I can still picture her standing beside her wringer washer that sat on a little back porch behind her kitchen. Come rain, shine, cold winter days, or hot summer afternoons, she washed clothes EVERY Monday. She rose extra early, built a fire, and heated wash water. She filled the washer and twin rinsing tubs with scalding hot water; hand scrubbed each individual item, using a washboard to remove bad stains. Once clothes were scrubbed, washed, rinsed, and sent through the wringer, Granny hung her laundry to dry on clotheslines strung between two tall posts. As I recall, there were some basic clothesline rules she and women of her time followed.

•       Clotheslines were cleaned before hanging any clothes. She walked the length of the line using a damp cloth, removing dust, dirt, and bird poop.

•       Clothes were hung in a certain order: “Whites” with “whites,” always first.

•       Sheets and towels were hung on the outside lines. “Unmentionables” were in the middle out of public view.

•       Shirts were hung by the shoulders; NEVER by the tail.

•       Socks were hung by the toes, NOT the tops.

•       Pants were hung by the BOTTOM or the cuffs, NOT the waistbands.

•       Hang clothes out to dry on Mondays only. Never on Sunday! For heaven’s sake!

•       After taking down dry clothes, ALWAYS gather up the clothespins. Pins left on the lines look tacky.

Although using a wringer washing machine took a lot of time and required tremendous body strength, my grandmother thought she was lucky to have a wringer washer. At the end of wash day, Granny sat on her stoop occasionally recollecting her youth when she built a wood fire under an iron pot where she washed clothes with lye soap; something she did in the early years of her marriage during WWII when it was impossible to buy a wringer washing machine.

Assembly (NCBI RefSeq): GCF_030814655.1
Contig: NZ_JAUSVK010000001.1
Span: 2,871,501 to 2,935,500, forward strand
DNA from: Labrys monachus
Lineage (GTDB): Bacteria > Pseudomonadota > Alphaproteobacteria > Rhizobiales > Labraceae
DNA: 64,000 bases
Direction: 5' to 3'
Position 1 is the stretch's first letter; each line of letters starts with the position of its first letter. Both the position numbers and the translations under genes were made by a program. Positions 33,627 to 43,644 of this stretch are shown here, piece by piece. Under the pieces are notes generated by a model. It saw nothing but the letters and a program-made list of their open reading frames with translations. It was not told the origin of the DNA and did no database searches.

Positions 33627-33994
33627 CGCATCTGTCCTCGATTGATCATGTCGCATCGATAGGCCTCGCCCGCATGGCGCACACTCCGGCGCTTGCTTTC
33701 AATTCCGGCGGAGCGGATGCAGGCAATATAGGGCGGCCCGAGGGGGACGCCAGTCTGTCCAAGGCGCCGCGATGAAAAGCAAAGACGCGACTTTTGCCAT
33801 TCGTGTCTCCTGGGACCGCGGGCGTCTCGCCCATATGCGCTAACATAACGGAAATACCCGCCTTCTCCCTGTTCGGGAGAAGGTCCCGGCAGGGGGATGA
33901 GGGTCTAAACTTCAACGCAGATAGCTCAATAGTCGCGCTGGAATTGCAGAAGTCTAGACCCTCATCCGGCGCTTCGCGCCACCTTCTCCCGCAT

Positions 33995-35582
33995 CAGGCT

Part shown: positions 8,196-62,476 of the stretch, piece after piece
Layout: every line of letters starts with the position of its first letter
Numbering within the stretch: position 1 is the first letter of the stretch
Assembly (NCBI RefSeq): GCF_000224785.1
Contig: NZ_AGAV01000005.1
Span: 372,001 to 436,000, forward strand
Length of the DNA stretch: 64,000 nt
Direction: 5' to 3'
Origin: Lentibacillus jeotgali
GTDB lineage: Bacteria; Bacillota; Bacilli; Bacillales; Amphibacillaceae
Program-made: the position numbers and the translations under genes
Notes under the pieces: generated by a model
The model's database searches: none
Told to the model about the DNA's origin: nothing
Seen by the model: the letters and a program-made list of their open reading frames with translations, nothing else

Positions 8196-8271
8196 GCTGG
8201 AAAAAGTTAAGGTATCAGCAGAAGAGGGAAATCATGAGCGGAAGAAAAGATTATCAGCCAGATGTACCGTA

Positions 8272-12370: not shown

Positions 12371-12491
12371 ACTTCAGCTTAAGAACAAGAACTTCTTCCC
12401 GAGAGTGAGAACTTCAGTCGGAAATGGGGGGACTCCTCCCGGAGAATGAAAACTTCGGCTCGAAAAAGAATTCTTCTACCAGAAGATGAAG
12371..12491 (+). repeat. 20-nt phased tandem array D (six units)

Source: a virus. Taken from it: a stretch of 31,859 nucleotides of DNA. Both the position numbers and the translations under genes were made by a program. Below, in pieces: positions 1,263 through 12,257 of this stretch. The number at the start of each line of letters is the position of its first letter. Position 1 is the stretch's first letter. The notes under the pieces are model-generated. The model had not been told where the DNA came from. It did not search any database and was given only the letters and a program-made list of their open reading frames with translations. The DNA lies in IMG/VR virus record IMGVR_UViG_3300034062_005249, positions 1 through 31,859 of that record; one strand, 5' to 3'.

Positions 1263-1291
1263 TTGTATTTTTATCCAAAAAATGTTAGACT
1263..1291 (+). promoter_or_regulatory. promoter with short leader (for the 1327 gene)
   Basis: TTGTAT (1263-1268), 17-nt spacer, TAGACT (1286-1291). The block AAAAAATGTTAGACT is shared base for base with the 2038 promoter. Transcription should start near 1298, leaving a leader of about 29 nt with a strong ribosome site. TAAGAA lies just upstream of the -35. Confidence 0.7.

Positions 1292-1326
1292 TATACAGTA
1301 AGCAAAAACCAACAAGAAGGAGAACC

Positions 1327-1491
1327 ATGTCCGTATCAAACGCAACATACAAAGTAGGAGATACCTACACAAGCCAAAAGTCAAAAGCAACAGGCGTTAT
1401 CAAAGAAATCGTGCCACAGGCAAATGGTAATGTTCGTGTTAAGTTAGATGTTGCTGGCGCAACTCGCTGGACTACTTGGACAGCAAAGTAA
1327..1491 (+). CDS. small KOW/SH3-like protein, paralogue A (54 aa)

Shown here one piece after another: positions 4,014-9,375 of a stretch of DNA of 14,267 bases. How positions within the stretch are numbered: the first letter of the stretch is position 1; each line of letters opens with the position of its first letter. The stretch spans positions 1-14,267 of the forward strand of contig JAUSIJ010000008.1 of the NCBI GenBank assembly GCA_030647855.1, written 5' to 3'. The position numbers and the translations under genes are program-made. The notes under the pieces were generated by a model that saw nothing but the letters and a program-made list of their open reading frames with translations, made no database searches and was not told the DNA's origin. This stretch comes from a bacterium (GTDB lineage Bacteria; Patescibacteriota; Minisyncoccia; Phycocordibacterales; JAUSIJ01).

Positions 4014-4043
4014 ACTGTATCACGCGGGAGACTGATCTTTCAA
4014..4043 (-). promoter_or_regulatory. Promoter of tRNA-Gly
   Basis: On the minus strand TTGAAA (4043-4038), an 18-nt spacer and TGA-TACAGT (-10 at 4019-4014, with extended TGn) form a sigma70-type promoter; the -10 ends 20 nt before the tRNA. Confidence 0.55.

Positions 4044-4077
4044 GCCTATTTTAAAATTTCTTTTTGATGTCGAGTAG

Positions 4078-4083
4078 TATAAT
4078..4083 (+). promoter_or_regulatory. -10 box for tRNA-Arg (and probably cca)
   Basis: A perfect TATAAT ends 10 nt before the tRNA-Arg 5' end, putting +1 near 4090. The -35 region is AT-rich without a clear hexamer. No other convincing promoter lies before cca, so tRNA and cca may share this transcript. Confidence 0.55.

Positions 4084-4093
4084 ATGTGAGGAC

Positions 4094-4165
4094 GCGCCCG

I take a lot for granted these days. I have an automatic washer and can wash clothes any day of the week and at any time of the day or night. I have an electric clothes dryer so I don’t have to tote laundry baskets full of wet clothes outside in all kinds of weather and hang them out to dry. In fact, drying clothes on a line is rarely seen these days.

Granny certainly wouldn’t have much patience with me for complaining about my automatic washer having gone on the fritz. She’d be shocked knowing I’d gone soft, lacking the strength to lift wet clothes out of my washer and wring out the excess water. She’d probably fuss at me, too, saying, “Why the heck are you washing clothes on Thursday anyway? Shame on you!”

A teacher’s unexpected whisper, “You’ve got writing talent,” ignited Sara’s writing desire. Sara ignored that whisper and pursued a different career but eventually, she re-discovered her inner writer and began writing. Her manuscripts have been published in anthologies and magazines including Chicken Soup for the Soul, Guideposts, Times They Were A Changing, and Wisdom Has a Voice.

August 5 – Turning Pointe

by Sara Etgen-Baker

“Point your feet! Rotate! Don’t stick your butts out! Stay out of your heels.” I looked up from where I was sitting.  There was no music; only the thump-thud sound of the dancers en pointe and the ballet master shouting. “Dance to the tips of your fingers and toes! Plié! Spot!”

Ann obeyed, sweat running down her face. “Tours chaînés déboulés,” the master barked. She struggled, her sleek muscles quivering with exhaustion. I’d never seen my aunt rehearsing. So, the contrast between seeing her stage performance where she glided effortlessly on the tips of her pointe shoes and seeing her studio rehearsal baffled me.

“Rond de Jambe en l’air and Frappé.” The master paused; the dancers gathered at the barre. “Fifth position, preparation sur le cou de pied. Single frappe en croix each position getting two counts.”  He strolled around the dance studio.